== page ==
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Will medication therapy management become a routine part of most dispensing pharmacists' activities, or will a select group of pharmacists handle this role?
Will pharmacy practice changes incorporate medication therapy management (MTM) as a routine part of most dispensing pharmacist activities—or will this role be handled by a select group of pharmacists who may even practice independently of the drug distribution process? I have been pondering this question lately as I think about the opportunities the health care reform law will bring to pharmacy. Both practice models exist currently, and evidence supports the success of both approaches. But which approach is best for the patient? Will we come to a different answer if we asked the question, “Which approach is best for pharmacy and pharmacists?”
The fact that there will be more opportunity to receive reimbursement for MTM seems obvious, because MTM is mentioned throughout the new health care reform law. At the same time, many observers feel that there will be continuing pressure to reduce the drug reimbursement formula, making prescription dispensing activities less profitable. Although we may not like it, more health plans are forcing patients to use mail-order pharmacy for chronic disease medications, thus taking prescription volume from local pharmacies. These observations lead me to conclude that a pharmacy business model that relies primarily on filling prescriptions may be in trouble over the next 5 to 10 years.
Maybe we can turn the tide so that the prescription product is no longer perceived by many as just another commodity, but I am not so sure. If we want to do that, more dispensing pharmacists will need to increase their face-toface communication with the patient. Performing an MTM intervention is one way to convey that we are interested in helping that patient make the best use of their medication. It will also help convey to that patient that pharmacists are knowledge workers—not just glorified technicians—as the pharmacist discusses the appropriate use of the medications with the patient.
One MTM provider quoted in the March 2010 Medication Therapy Management Digest puts it this way— “Customers have a greater respect and trust in our pharmacists. Patients are more apt because of this to recommend our pharmacy to their physicians, friends, and family.” Another provider said, “Our clients/patients become longterm patients. They tell other patients and relatives to come to us. The wordof- mouth extends beyond our community to relatives and tourists who arrange for phone consultations.”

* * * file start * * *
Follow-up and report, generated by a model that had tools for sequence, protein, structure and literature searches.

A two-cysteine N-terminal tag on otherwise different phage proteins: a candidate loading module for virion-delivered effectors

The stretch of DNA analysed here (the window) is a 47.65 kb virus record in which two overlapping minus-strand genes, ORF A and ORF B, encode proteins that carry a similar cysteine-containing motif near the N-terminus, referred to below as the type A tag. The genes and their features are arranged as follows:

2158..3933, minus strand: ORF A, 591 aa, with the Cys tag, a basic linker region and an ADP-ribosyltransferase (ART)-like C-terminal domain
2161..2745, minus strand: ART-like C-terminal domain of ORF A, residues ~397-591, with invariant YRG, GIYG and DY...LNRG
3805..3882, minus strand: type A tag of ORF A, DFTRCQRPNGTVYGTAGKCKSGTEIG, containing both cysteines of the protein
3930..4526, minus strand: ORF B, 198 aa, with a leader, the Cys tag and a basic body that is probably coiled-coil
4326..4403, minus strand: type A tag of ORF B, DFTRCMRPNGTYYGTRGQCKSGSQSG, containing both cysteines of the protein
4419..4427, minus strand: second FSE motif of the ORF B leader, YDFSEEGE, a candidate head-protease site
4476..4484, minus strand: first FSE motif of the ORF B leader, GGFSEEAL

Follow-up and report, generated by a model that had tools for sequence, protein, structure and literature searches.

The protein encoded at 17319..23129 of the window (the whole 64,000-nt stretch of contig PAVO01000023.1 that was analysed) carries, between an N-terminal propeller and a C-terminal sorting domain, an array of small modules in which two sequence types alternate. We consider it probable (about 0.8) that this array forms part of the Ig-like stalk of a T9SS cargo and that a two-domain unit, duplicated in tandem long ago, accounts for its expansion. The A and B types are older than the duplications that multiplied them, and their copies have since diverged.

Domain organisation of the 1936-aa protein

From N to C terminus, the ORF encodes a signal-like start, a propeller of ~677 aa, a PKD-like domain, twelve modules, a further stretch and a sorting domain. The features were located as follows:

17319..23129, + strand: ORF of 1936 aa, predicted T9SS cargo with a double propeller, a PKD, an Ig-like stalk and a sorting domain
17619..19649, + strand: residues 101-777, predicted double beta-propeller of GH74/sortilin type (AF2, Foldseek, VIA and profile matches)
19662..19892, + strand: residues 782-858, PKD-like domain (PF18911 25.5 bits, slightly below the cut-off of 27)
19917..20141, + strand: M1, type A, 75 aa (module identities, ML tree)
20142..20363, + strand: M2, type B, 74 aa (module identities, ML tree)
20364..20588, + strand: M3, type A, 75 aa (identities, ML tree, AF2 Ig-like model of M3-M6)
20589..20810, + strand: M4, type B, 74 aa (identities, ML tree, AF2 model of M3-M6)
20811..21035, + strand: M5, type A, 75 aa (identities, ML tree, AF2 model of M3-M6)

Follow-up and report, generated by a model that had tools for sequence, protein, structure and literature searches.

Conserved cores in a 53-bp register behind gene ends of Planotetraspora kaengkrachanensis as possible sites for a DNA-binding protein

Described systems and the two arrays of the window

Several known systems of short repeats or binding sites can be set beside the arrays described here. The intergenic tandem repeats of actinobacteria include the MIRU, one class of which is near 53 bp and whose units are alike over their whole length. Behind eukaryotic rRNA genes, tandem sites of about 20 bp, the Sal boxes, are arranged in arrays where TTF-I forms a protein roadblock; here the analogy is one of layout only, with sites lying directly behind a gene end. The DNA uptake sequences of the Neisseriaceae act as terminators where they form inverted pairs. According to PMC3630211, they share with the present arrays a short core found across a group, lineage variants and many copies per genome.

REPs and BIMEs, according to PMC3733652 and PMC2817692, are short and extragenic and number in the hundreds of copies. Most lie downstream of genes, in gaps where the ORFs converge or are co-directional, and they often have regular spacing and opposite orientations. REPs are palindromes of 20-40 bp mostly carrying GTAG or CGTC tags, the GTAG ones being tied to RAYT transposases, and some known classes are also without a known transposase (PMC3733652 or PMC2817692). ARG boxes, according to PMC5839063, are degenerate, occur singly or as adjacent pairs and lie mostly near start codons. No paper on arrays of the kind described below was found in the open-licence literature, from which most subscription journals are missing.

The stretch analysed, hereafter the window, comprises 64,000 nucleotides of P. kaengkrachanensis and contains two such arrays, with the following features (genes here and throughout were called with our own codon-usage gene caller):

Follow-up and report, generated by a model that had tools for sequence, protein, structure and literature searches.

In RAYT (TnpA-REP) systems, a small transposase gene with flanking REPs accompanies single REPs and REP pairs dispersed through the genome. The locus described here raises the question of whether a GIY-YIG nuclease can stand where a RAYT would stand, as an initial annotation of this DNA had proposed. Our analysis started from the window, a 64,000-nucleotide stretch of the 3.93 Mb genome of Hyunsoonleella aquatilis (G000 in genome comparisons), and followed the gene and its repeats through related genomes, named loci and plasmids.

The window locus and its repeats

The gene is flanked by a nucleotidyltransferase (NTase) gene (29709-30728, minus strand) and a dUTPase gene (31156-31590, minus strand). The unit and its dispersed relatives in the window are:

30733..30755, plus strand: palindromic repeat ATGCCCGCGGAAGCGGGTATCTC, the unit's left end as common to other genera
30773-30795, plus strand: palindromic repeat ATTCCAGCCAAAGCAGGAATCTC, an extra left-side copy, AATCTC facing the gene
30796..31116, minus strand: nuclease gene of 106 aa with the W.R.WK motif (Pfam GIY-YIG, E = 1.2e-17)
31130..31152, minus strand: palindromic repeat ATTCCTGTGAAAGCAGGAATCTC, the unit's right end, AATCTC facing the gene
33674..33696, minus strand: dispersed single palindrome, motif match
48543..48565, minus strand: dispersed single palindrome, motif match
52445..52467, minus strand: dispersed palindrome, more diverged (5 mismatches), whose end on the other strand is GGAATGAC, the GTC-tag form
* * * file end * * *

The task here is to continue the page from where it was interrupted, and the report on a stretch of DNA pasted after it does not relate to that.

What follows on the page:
If MTM can provide so much value to patients and pharmacy, why do we need to wait for a payer to reimburse us? Shouldn’t we just offer the service and charge the patient directly? Why are pharmacists so reluctant to just ask for the money? I wish I knew the real reason, but our profession has been giving away valuable services forever. There may have been a time when giving advice for free created customer loyalty that pharmacists made up for in other sales. Today, customer loyalty is harder to depend upon to assure increased business. I am also aware that many pharmacists are introverts. Maybe it is hard for that personality type to “ask for the money.”
Not every patient may be ready to pay for such a service out-of-pocket, but some are. More will be willing to pay for the service once they are made aware of its value. Pharmacists can help make that happen by providing MTM services to those patients whose Medicare Part D plans offer the service through a local pharmacist. Offering the service to select other patients as a fee-for-service option can further grow that business. If getting paid for cognitive service delivery is critical to assure community pharmacy success in the future, becoming comfortable doing this needs to begin now. What is keeping you from getting started? %u25A0
Mr. Eckel is a professor at the Eshelman School of Pharmacy, University of North Carolina at Chapel Hill. He serves as executive director of the North Carolina Association of Pharmacists.
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